Where the US Sidewalk Ends…

Allergy rates lower in foreign born American children than those born in the US

(RxWiki News) Americans are are no strangers to hay fever and other allergies. Yet Americans born outside of the US may have to deal with these conditions less than those born in the US.

A recent study found lower rates of allergies among US children born outside of US borders.

These children may have parents working in the military, multinational corporations, diplomatic corps or other jobs taking them out of the country.

Or their parents may have chosen to live outside of the US for other reasons.

Regardless of the reason, American kids born outside the US were less likely to have asthma, eczema, hay fever and food allergies.

"Ask your pediatrician about allergies."

The study, led by Jonathan I. Silverberg, MD, PhD, of the Department of Dermatology at Beth Israel Medical Center and St. Luke's–Roosevelt Hospital Center in New York City, looked at allergy rates among American kids born in the US and overseas.

The researchers used data from the 2007-2008 National Survey of Children's Health, which included responses related to 91,642 children, from newborn to age 17.

The researchers looked at the rates of asthma, eczema, hay fever and food allergies among the children and compared them to their place of birth.

The researchers found that children who were US citizens but born outside of the US were about half as likely to develop any of those conditions than children born in the US.

US children born outside the US were about half as likely (47 percent less likely) to ever develop asthma and were 66 percent less likely to have asthma at the time of the survey, compared to children born in the US.

The children born overseas were also 40 percent less likely to have food allergies, 57 percent less likely to have eczema and 61 percent less likely to have hay fever, compared to US-born children.

This reduced risk in the foreign-born children remained even after the researchers took into account the children's age, sex, race/ethnicity, household income, number of times the child had moved homes and the proximity of a child's home to metropolitan areas.

Among children born outside the US whose parents were also born outside the US, the risk of chronic skin disorders, such as rashes, was also lower than children whose parents were born in the US.

The lower risk of allergies appeared to remain with kids if they spent more time outside of the US.

The researchers compared the allergies among foreign-born, US-citizen children who lived in the US for longer than 10 years and foreign-born, US-citizen children who only lived in the US for less than two years.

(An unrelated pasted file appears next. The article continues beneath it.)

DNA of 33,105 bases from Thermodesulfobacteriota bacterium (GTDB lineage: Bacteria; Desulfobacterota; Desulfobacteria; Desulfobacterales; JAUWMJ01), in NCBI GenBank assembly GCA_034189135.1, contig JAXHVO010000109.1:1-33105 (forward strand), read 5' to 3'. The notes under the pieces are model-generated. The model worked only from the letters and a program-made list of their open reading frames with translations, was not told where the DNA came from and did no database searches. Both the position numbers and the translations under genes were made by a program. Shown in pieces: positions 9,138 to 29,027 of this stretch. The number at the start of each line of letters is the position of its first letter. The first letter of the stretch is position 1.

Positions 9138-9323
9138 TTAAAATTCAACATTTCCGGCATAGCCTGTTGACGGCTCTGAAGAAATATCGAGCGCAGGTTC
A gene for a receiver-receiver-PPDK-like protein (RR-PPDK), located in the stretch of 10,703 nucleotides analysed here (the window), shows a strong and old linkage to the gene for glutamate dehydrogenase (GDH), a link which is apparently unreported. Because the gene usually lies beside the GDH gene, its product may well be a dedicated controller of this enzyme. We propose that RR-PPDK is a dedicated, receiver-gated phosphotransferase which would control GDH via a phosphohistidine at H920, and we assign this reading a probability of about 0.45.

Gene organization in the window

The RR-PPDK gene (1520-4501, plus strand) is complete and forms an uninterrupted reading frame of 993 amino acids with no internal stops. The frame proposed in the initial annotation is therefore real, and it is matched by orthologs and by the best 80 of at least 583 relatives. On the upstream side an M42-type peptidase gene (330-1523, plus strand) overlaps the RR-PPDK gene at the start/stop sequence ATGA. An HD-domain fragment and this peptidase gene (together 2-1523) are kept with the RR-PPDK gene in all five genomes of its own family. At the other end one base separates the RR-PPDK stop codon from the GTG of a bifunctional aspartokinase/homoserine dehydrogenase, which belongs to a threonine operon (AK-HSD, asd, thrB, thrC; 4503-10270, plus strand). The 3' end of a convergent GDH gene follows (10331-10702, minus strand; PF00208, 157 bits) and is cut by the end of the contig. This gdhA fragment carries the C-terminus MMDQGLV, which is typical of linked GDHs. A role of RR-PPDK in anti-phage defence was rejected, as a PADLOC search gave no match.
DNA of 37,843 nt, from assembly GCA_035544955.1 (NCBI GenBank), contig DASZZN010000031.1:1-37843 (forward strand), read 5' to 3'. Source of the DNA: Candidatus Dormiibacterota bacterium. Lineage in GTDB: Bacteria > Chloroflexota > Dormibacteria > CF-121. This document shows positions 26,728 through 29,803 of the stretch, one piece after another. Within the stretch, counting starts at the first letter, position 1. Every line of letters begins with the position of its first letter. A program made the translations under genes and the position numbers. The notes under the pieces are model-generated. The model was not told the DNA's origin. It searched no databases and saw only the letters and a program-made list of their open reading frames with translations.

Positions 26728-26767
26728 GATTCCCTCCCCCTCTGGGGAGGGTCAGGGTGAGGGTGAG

The children who had been in the US for at least 10 years were five times more likely to have eczema than children who spent less than two years in the US.

The children spending more time in the US were six times more likely to have hay fever than the kids who spent less than two years in the US.

There was no difference in the risk of asthma or hay fever among the children who spent more times in the US, compared to those who lived less than two years in the US.  

However, these conditions were associated with movement within the US.

"In the present study, asthma and hay fever were associated with history of moving to a new address, particularly in American-born children," the researchers wrote. "This may be caused by changes of both indoor and outdoor environmental exposures and/or psychosocial stress related to moving."

One possible reason for these results, the researchers suggested, is that children who are exposed to more germs earlier in life may develop immune systems that are less likely to develop autoimmune diseases.

Allergies are an autoimmune disease, which means the body's defense system is overreacting to small threats (allergens) that the immune systems of people without allergies would normally ignore.

"The findings of the present study are consistent with the broader hygiene hypothesis, which suggests that either infections or certain microbial exposures in early childhood may confer protection against atopic disorders," the researchers wrote.

"The odds of developing allergic disease dramatically increase after living in the United States for longer than 10 years," the researchers continued. "This suggests that the protective effects of the hygiene hypothesis may not be life-long and that subsequent exposure to allergens and other environmental factors may trigger atopic disease even later in life."

The researchers also pointed out that different family practices or types of moving might influence allergy risk.

"That is, parents born and raised outside the United States may, for example, follow a healthier diet or have foods with a different antigenic profile than typically encountered in the Western diet," the researchers wrote. "Some cultures more commonly use spices, such as curcumin, and green tea that have anti-allergy and inflammatory properties."

The study was published in JAMA Pediatrics on April 29. The research did not appear to use external funding. The authors declared no conflicts of interest.

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Review Date: 
April 29, 2013